While transferrin provides information about the availability of iron for transport, ferritin indicates how much iron is already stored in your cells. This allows doctors to better understand and diagnose iron deficiency or iron overload conditions. The Hb levels are also relevant in the context of iron levels in the blood.
The hemoglobin level tells you how much iron is currently in your blood. However, it does not tell you anything about the amount of iron that is stored in your cells. Hb levels only drop once the iron stores are completely empty, and enough red blood cells can not be produced anymore. When this happens, you already suffer from a condition called anemia, which we will discuss later.
So, because the Hb levels do not provide information about an iron deficiency until it is already well advanced, transferrin saturation is so important.
What does a normal range of transferrin saturation look like?
Transferrin saturation indicates the ratio of serum iron circulating in blood plasma to total transferrin. It refers to the ratio of the serum iron concentration and the TIBC expressed as a percentage.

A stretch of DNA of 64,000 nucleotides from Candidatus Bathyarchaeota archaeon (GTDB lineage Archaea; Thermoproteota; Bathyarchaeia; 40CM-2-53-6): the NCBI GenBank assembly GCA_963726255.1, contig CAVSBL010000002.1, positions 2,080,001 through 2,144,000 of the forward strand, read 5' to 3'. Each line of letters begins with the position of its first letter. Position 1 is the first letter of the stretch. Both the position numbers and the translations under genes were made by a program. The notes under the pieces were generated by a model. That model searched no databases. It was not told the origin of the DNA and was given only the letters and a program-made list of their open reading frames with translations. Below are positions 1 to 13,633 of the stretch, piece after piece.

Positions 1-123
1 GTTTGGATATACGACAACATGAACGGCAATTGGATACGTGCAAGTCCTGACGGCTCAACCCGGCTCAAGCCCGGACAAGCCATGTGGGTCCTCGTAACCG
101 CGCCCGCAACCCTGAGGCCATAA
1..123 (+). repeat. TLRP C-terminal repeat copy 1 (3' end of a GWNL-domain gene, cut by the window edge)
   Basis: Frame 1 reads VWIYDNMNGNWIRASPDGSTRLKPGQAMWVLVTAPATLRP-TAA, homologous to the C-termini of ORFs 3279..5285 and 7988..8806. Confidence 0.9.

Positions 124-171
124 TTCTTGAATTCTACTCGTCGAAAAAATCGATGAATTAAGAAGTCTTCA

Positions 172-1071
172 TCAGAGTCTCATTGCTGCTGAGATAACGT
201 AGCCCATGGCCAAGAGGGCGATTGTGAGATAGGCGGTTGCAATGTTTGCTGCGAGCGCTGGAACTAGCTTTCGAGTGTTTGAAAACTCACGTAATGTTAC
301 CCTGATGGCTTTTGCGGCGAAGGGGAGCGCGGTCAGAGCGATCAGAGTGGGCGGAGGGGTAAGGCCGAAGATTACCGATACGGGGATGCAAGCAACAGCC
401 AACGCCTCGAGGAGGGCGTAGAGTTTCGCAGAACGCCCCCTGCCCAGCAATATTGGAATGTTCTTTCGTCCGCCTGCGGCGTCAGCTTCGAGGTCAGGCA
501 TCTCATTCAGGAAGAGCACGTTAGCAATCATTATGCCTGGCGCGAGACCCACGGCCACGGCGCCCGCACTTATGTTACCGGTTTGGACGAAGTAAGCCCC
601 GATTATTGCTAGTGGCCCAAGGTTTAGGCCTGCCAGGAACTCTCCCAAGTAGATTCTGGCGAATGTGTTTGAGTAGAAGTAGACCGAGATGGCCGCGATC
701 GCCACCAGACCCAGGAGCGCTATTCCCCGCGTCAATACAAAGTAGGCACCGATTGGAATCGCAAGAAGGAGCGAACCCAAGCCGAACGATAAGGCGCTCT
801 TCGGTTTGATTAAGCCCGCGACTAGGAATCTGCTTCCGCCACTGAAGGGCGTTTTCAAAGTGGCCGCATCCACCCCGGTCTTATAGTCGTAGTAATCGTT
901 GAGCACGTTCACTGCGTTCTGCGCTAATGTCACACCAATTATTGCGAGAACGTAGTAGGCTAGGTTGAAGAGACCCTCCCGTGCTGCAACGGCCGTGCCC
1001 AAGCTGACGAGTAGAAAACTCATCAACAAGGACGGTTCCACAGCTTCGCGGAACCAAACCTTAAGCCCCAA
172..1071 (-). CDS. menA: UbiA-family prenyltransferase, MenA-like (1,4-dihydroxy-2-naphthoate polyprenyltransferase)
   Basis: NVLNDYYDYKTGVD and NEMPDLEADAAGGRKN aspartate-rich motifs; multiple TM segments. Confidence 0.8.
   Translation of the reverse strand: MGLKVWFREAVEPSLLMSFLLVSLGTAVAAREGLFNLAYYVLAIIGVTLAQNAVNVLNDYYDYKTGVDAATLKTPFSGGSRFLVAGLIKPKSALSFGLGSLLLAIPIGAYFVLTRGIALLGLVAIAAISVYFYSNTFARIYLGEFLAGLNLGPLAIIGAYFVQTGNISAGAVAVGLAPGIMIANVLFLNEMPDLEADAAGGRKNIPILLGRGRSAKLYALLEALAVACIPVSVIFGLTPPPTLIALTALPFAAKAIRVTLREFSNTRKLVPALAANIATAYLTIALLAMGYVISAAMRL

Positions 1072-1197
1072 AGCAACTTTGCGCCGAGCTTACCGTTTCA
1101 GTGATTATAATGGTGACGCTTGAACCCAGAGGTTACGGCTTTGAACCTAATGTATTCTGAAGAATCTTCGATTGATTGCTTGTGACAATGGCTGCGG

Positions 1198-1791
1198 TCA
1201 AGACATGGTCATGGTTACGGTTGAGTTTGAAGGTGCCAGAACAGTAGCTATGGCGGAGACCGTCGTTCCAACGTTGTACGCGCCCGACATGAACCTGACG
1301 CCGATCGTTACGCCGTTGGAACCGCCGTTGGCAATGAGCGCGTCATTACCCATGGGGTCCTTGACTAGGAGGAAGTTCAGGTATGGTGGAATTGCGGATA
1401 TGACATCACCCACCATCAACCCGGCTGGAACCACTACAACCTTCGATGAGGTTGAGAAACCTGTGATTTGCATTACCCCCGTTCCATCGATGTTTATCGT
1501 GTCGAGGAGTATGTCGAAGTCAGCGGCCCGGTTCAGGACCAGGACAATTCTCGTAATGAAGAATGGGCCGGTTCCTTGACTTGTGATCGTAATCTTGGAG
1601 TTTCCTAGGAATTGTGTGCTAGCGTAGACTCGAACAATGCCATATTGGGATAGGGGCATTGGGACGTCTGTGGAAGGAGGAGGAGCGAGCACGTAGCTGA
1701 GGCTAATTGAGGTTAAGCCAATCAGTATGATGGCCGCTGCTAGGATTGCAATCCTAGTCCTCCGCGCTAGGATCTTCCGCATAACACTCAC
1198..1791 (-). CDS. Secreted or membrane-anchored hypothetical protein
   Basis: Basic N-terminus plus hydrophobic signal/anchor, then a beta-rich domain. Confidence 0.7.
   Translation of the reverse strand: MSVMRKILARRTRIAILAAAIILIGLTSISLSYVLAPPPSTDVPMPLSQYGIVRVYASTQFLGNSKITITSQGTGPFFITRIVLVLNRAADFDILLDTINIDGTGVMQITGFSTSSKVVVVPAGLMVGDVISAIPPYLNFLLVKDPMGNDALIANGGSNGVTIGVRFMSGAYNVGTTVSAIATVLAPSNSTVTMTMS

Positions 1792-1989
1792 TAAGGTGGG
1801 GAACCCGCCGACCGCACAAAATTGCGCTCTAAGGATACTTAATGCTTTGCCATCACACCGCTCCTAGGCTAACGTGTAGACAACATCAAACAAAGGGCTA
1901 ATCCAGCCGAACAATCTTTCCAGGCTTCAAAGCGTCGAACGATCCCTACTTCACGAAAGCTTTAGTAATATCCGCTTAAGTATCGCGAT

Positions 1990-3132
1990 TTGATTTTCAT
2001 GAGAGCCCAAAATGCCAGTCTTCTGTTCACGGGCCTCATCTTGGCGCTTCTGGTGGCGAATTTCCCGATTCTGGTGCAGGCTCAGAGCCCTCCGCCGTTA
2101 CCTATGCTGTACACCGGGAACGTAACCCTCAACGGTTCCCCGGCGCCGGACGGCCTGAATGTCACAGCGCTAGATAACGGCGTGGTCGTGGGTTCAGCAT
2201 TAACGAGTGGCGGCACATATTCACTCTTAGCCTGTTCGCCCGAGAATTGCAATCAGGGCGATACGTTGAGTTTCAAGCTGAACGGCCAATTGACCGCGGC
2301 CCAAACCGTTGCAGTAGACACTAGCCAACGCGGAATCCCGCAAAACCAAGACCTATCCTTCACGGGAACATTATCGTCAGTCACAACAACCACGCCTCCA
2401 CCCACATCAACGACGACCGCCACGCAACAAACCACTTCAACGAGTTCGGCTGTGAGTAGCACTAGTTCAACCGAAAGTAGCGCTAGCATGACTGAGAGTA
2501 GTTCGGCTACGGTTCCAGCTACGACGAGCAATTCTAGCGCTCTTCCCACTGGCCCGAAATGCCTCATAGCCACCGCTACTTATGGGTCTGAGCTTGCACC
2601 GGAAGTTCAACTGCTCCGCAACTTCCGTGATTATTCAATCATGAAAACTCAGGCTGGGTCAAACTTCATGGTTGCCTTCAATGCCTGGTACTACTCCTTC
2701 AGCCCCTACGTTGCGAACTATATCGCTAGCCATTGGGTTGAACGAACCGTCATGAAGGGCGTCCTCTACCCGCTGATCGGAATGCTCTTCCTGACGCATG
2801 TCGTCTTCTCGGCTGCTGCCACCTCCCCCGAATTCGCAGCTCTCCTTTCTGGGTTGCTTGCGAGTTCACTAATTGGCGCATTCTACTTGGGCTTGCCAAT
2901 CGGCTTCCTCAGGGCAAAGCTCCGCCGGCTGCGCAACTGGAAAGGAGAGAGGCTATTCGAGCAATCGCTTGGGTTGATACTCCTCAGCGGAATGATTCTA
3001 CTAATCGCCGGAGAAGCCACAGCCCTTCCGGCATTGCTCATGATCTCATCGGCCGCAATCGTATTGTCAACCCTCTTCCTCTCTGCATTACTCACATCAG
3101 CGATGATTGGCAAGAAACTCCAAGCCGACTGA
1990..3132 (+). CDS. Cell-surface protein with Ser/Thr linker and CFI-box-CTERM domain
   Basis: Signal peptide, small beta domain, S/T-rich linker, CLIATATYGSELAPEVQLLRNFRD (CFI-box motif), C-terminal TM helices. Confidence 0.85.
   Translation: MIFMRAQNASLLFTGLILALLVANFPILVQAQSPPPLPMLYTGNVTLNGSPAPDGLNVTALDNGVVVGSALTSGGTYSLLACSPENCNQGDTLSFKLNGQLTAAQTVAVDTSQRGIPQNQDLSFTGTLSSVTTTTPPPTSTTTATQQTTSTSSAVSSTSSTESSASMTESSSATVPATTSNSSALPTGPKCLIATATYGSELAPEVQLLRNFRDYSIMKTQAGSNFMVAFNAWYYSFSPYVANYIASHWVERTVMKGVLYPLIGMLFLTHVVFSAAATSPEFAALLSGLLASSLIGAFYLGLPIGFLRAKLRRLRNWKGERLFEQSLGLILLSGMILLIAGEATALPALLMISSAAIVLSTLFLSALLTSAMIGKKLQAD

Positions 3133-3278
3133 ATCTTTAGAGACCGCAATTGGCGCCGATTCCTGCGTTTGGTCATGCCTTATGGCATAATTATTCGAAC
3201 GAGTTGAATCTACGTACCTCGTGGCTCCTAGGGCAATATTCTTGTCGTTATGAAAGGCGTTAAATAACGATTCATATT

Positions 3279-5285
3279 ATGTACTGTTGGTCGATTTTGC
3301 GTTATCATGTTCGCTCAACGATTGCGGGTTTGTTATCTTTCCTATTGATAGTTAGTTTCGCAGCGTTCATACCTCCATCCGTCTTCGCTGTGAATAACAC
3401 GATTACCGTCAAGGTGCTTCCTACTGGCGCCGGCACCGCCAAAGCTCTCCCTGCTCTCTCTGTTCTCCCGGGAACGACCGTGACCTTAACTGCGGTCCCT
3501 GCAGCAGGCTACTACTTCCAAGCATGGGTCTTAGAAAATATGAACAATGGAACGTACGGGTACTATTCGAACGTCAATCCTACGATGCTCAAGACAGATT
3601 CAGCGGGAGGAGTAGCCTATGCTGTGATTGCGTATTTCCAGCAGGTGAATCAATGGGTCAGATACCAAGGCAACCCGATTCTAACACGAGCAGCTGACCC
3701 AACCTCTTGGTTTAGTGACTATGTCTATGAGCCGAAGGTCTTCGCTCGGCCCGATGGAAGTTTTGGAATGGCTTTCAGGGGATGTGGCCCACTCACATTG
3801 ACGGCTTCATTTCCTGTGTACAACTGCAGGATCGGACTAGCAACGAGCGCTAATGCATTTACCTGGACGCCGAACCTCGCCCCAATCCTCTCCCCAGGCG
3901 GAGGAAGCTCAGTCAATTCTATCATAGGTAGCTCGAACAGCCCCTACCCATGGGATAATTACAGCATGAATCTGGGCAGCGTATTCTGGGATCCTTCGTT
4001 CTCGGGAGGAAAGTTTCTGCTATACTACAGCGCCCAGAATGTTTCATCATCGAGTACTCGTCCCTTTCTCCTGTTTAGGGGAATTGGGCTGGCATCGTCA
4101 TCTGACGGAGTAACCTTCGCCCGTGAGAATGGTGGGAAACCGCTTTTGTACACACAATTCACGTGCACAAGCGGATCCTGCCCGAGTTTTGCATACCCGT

Transferrin saturation can, therefore, be calculated from the blood levels of iron and transferrin.
Normally, transferrin saturation ranges from about 16% to 45% in healthy men and women.
This range may vary slightly depending on laboratory standards and individual factors of a person. Laboratory values within the ranges listed below indicate a balanced iron metabolism. 
Normal Values for Women:
Hemoglobin: 12.3 - 15.3 g/dl
Ferritin: 15 - 150 µg/l
Normal Values for Men:
Hemoglobin: 14.0 - 17.5 g/dl
Ferritin: 30 - 400 µg/l
Normal Values for Women & Men:
Transferrin: 200 - 400 mg/dl
Transferrin-Saturation: 16 -45%
Soluble Transferrin-Receptors: 0.76 - 1.76 mg/dl
If your transferrin saturation is above or below these values, this can be due to a variety of reasons. 
Both low and high values can indicate different health problems or deficiencies. The causes of deviations from the norm can be many, from dietary habits to genetic factors. We will discuss possible causes of too high transferrin saturation or too low transferrin saturation later.